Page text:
What to Know *Before* You Look For Wedding Invitations

May 11, 2016

"Wish I’d known..." are the three words Kristen Miglore told me best described her experience planning invitations for her upcoming wedding (yes, I limited her to three words, and yes, she could have probably gone on). I've never planned a wedding myself—and perhaps accordingly, all I'd know going into a meeting with a stationer is that the thicker the cardstock, the more expensive it's going to be.

Time frame required? What's important to bring to the meeting? No idea. And I'm sure I'm not alone in this, since meeting with a letterpress about a large order of custom invitations isn't something one does terribly often.

Photo by Sugar Paper

But as it turns out, if you're planning on getting letterpress invitations, there are a few things that are helpful to know ahead of time that will make the whole process run more smoothly—and isn't getting things to run smoothly the whole (often impossible-feeling) goal of planning a wedding? I spoke with Chelsea Shukov, the owner of Sugar Paper, a letterpress in Los Angeles, about what a customer would want to know before their first meeting with a stationer.

1. The best inspiration will convey the look and feel of your event.

My mom keeps a drawer full of stationery she's loved from weddings she's been invited to, expressly for the purpose of inspiring my stationer should I ever get married. But as Chelsea pointed out, a good designer can play off inspiration that's much more emotional and esoteric—and in the best-case scenarios, a client will actually bring something that relates to the look and feel of the event.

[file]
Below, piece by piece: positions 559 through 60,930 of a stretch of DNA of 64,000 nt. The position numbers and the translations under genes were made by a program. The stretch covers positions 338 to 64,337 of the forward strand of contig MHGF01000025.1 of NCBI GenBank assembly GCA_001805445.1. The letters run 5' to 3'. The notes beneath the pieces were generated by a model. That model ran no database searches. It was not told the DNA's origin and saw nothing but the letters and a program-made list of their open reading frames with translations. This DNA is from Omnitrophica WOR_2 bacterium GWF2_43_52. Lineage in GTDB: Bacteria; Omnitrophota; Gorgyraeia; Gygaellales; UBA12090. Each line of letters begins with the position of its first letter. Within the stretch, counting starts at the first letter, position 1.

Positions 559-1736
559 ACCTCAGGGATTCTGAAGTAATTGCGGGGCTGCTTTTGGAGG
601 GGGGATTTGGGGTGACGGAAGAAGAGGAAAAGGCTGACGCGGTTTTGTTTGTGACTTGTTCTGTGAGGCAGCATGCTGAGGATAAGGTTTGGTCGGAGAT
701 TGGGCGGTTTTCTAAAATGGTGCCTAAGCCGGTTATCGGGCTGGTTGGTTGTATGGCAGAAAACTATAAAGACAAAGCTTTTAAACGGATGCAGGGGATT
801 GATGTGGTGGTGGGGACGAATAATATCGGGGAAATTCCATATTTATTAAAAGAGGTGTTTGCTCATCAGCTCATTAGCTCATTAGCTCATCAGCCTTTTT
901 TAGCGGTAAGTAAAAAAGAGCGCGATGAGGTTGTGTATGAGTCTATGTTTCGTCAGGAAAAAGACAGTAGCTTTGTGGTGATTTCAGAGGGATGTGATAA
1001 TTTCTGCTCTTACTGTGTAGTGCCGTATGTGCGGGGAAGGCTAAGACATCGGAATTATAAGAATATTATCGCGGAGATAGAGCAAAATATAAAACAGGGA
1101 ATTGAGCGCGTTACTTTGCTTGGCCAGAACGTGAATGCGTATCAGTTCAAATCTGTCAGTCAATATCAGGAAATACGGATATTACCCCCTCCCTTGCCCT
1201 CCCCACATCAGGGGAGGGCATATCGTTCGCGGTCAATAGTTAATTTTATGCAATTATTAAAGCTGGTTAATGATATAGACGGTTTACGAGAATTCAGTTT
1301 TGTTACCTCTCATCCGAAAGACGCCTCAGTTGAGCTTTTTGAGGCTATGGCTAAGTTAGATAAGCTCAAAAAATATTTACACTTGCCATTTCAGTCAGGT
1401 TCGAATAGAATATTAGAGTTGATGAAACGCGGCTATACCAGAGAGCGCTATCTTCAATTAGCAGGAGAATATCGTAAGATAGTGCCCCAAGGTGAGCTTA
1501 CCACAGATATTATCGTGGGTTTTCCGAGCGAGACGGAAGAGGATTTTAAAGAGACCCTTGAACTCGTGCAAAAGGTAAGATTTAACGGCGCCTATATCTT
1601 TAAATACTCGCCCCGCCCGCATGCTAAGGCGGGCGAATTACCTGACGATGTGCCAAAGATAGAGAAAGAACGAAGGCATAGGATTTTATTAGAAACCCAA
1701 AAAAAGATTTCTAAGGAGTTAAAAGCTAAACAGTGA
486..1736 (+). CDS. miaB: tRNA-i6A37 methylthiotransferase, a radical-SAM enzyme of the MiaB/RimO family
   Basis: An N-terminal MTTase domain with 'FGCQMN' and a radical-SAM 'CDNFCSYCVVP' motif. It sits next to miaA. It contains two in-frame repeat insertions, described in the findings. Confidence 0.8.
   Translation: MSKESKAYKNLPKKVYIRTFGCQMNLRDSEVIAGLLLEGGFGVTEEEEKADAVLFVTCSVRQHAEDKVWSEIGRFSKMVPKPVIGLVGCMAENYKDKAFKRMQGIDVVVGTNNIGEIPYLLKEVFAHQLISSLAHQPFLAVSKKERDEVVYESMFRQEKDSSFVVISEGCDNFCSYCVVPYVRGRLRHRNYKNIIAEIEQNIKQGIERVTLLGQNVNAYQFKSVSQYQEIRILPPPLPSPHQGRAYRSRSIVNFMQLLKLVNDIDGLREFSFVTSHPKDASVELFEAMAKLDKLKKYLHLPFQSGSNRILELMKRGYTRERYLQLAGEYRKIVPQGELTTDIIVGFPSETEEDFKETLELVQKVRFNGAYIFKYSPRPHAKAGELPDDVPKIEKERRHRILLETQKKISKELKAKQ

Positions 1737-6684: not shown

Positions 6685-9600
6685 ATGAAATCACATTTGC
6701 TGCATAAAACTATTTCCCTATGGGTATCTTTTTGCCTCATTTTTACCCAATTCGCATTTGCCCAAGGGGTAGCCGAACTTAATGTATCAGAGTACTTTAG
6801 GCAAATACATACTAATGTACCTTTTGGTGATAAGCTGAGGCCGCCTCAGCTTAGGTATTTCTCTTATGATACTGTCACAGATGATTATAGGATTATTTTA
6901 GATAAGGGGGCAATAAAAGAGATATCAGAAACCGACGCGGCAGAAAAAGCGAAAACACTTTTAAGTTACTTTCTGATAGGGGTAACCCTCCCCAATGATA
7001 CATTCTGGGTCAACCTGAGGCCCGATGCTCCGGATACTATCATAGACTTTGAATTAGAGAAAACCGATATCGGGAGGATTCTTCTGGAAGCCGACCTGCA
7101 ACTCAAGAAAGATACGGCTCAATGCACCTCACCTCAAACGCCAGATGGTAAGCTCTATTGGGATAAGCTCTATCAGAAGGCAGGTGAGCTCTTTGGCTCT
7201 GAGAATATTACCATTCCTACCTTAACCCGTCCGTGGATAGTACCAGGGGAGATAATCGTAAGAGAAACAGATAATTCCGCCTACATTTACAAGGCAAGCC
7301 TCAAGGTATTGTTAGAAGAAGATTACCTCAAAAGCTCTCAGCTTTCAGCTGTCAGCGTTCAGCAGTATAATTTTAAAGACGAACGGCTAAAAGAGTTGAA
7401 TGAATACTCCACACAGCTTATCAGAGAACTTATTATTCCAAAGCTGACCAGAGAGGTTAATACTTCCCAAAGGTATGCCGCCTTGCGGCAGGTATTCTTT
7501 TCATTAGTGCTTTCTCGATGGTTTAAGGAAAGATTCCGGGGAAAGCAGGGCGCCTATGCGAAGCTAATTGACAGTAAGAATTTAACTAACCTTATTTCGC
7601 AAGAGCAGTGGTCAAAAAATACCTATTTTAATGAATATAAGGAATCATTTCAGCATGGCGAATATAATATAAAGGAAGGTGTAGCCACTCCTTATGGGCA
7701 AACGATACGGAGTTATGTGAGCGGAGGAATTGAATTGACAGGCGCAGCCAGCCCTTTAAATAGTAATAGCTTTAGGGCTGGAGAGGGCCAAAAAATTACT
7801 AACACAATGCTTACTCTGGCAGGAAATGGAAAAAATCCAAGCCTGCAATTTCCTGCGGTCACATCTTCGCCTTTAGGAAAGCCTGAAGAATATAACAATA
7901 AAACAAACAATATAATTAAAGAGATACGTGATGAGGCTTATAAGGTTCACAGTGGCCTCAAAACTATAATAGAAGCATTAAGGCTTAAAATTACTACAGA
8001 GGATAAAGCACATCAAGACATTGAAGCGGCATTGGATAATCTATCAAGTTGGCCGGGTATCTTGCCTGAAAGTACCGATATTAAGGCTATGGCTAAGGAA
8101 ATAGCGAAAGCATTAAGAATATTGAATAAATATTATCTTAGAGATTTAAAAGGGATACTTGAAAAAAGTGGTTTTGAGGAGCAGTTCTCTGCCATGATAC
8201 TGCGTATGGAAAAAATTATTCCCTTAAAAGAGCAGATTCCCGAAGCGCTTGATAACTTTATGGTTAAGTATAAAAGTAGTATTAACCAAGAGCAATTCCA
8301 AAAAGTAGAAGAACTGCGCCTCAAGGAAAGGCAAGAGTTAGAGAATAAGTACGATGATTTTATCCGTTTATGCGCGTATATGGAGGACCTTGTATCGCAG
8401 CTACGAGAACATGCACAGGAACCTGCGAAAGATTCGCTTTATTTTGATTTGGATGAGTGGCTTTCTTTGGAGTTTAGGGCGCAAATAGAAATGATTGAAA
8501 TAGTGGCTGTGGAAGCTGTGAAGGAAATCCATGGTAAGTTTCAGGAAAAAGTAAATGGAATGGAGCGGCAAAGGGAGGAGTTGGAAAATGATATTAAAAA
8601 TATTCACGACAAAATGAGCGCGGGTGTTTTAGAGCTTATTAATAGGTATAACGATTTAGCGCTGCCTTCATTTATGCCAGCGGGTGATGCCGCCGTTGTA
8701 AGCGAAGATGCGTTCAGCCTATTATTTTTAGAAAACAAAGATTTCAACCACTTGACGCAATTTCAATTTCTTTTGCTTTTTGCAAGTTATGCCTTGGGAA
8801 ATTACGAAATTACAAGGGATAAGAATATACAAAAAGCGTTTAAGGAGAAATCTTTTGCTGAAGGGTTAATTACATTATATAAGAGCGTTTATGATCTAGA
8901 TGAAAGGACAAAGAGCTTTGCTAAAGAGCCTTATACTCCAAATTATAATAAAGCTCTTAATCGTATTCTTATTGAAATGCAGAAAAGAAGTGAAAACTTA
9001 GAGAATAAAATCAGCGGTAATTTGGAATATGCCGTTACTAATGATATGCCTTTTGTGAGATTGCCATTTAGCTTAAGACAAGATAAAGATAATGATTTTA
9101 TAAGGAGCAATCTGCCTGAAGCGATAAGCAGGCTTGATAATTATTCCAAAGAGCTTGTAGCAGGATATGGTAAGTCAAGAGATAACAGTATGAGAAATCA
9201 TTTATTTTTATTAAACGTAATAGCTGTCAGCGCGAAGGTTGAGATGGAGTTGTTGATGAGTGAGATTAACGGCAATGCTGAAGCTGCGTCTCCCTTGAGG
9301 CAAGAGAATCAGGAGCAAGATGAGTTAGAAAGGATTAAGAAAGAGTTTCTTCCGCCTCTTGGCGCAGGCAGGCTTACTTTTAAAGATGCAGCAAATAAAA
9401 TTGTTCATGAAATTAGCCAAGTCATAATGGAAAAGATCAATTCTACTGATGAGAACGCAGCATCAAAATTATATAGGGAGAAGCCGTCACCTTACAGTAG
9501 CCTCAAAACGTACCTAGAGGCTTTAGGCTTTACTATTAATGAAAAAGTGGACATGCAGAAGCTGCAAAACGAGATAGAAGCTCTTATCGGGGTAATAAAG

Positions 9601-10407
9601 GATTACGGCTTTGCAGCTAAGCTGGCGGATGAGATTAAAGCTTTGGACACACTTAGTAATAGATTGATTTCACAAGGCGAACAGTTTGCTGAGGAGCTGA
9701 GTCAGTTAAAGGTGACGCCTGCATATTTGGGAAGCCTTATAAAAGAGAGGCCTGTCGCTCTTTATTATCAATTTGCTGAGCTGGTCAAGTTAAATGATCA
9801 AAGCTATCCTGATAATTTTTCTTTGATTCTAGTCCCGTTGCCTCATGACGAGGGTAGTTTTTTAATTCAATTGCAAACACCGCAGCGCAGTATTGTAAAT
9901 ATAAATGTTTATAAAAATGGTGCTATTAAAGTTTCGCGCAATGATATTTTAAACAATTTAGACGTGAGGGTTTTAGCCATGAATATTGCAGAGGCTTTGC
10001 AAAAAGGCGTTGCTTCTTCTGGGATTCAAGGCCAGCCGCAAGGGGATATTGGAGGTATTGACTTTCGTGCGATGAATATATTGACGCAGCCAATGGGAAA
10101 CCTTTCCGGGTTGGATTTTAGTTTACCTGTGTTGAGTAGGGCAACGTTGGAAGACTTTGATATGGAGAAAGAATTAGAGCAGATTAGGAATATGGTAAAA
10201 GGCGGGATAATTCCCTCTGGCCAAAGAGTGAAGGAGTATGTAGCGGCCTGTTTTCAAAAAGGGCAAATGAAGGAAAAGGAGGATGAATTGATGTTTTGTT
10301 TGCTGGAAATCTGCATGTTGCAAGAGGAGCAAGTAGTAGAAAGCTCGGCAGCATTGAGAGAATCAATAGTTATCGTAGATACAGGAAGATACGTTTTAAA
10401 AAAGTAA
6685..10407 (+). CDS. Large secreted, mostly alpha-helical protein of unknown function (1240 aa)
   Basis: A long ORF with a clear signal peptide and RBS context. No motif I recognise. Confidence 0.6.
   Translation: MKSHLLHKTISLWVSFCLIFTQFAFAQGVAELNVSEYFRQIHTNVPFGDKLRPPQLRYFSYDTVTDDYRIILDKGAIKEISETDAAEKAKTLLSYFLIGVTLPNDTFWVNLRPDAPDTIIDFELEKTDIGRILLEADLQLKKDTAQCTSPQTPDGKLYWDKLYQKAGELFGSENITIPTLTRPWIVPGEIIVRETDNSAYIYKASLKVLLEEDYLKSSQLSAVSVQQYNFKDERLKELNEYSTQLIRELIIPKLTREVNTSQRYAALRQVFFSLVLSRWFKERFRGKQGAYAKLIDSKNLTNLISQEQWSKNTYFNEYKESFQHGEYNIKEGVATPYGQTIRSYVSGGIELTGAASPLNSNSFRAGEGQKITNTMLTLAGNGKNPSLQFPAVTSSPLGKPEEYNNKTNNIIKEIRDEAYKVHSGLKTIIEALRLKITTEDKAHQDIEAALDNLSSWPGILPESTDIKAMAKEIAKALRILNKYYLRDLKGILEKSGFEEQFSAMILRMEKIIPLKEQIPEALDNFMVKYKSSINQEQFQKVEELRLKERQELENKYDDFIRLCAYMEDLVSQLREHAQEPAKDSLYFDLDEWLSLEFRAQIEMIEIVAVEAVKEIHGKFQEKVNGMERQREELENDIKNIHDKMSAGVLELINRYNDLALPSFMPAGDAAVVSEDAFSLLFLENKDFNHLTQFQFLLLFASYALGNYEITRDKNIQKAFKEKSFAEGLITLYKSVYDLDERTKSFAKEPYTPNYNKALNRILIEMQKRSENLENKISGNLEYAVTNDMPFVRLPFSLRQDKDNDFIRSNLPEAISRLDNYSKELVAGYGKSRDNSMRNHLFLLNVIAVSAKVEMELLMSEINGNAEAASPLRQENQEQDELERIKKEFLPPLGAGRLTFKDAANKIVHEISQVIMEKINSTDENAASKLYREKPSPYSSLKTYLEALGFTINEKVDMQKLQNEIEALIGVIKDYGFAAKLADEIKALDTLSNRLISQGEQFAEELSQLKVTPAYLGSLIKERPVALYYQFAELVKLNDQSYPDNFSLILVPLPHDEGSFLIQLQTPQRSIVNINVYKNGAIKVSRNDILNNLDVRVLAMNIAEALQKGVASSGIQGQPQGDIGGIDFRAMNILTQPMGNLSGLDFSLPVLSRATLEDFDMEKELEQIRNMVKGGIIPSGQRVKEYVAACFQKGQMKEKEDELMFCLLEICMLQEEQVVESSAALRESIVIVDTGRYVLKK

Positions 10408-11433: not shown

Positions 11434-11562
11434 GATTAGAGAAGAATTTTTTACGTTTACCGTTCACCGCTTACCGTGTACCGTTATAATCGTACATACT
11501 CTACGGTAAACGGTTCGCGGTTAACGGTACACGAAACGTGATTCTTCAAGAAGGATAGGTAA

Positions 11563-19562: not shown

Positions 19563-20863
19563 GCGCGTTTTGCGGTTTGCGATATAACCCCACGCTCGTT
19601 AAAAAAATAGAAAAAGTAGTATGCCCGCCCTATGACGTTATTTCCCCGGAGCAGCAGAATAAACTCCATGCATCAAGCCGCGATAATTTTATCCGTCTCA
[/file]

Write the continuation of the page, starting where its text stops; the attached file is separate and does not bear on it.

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“Inspiration is really helpful," she explained. "A photo of a bridesmaid’s dress, or a tear sheet of their floral inspiration, or a piece of lace—whatever is defining the decor and the color story!” An idea of what you're hoping the cake looks like, or even a brochure from the place you're getting married, can help them start moving in a stylistic direction (and of course any and all invitations you've loved are welcome).

2. Have all your wedding-day details on hand at the first meeting.

Chelsea said that what most brides and grooms overlook is the fact that "when you send invitations, you're giving your guests the necessary information to get to your event"—meaning, your stationers can't get rolling on the design until all those details are hammered out!

Oft-forgotten tidbits you'll want to remember besides your bride's middle name:

  • Other printed material from the day of the ceremony: Besides the mail invitation (and corresponding reply cards!), you might also want a program for the wedding ceremony, signage for the food at the reception (whether that's little tented buffet cards or personal menus for a sit-down dinner), and place cards if you're having a seated dinner. It's common for the information that drives these these to roll in very last-minute, which puts your stationer in the tough situation of not having enough time to print it all. (As an added bonus, getting these details planned out as far in advance as possible means you'll be done thinking about them for a while.)
True letterpress requires—spoiler!—a press (here's Sugar Paper's). Photo by Sugar Paper